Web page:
The Modern Karung Guni

The collective Goni Room turns curated trash into vintage treasure to bring back the value of the old.

Portrait of Tammy Strobel
My Reading Room
At Goni Room, common items like stainless steel spoons or ceramic pots may go for $7-$20 each. More unique wares could be $13-$30 each.
My Reading Room

In Singapore’s early days, most of us were poor. It was then that we had little, and recycling and upcycling were ways of life. Now that we are a first-world nation, we have first world problems like mass consumption, valuing only the new and the latest.

Local collective Goni Room, started in January this year by founders Soufi A’aliyah, 24, and Afiq Ayub, 33 (both pictured above), is trying to change that mindset.

“We started Goni Room to reconnect with the world,” says Soufi. “We want to discourage blind consumerism and encourage people to give thrown-aways a second look.”

Operating through Instagram account @goni_room, their tightly curated inventory of “one man’s trash is another man’s treasure” is a vintage trove of the practical (unused matches, gold-hued heart-shaped spoons, bronze bottle openers with animal motifs, pots with angel wings) and the collectible (a melodica from Kyoto, a box of photo slides of other people’s memories) from different eras.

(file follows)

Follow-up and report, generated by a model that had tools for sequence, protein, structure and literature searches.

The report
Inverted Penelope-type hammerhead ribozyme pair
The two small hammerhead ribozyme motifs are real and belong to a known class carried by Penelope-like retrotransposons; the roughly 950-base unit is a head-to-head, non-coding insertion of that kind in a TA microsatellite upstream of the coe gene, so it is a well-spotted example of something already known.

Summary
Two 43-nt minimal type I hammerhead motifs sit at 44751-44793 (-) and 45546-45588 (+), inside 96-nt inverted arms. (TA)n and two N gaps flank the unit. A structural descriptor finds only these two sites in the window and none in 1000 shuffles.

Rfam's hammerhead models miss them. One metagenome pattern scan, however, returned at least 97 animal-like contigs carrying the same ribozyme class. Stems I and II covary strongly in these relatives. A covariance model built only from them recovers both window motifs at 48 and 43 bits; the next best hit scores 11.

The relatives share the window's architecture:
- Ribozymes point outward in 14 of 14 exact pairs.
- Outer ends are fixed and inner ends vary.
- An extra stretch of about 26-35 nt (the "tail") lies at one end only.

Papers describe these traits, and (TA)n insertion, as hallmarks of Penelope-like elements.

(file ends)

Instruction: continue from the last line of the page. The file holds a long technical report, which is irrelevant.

Unlike secondhand stores where products are altered or fixed, Goni Room’s are sold in their original state – not a single scratch is buffed out and no dull silverware is polished – because Soufi and Afiq want you to like the item for what it is.

To keep things varied and unique, the duo spend most of their time combing void decks and beaches for “trash” and foraging yard sales and thrift stores for the super one-ofa-kind. Some of their finds come from as far away as Glasgow.

Afiq also runs woodworking lessons for turning all the driftwood they collect into wooden cutlery.

So far, millennials and vintage collectors have been keeping them busy, and they have to replenish their finds every three to four weeks.

“Goni Room will always be a home for rejects,” says Afiq. “Living in a city where things get replaced so fast, unique and handmade products have become overshadowed by mass-produced ones. We aspire to be the balance. We are determined to make SG a better place.” – HT

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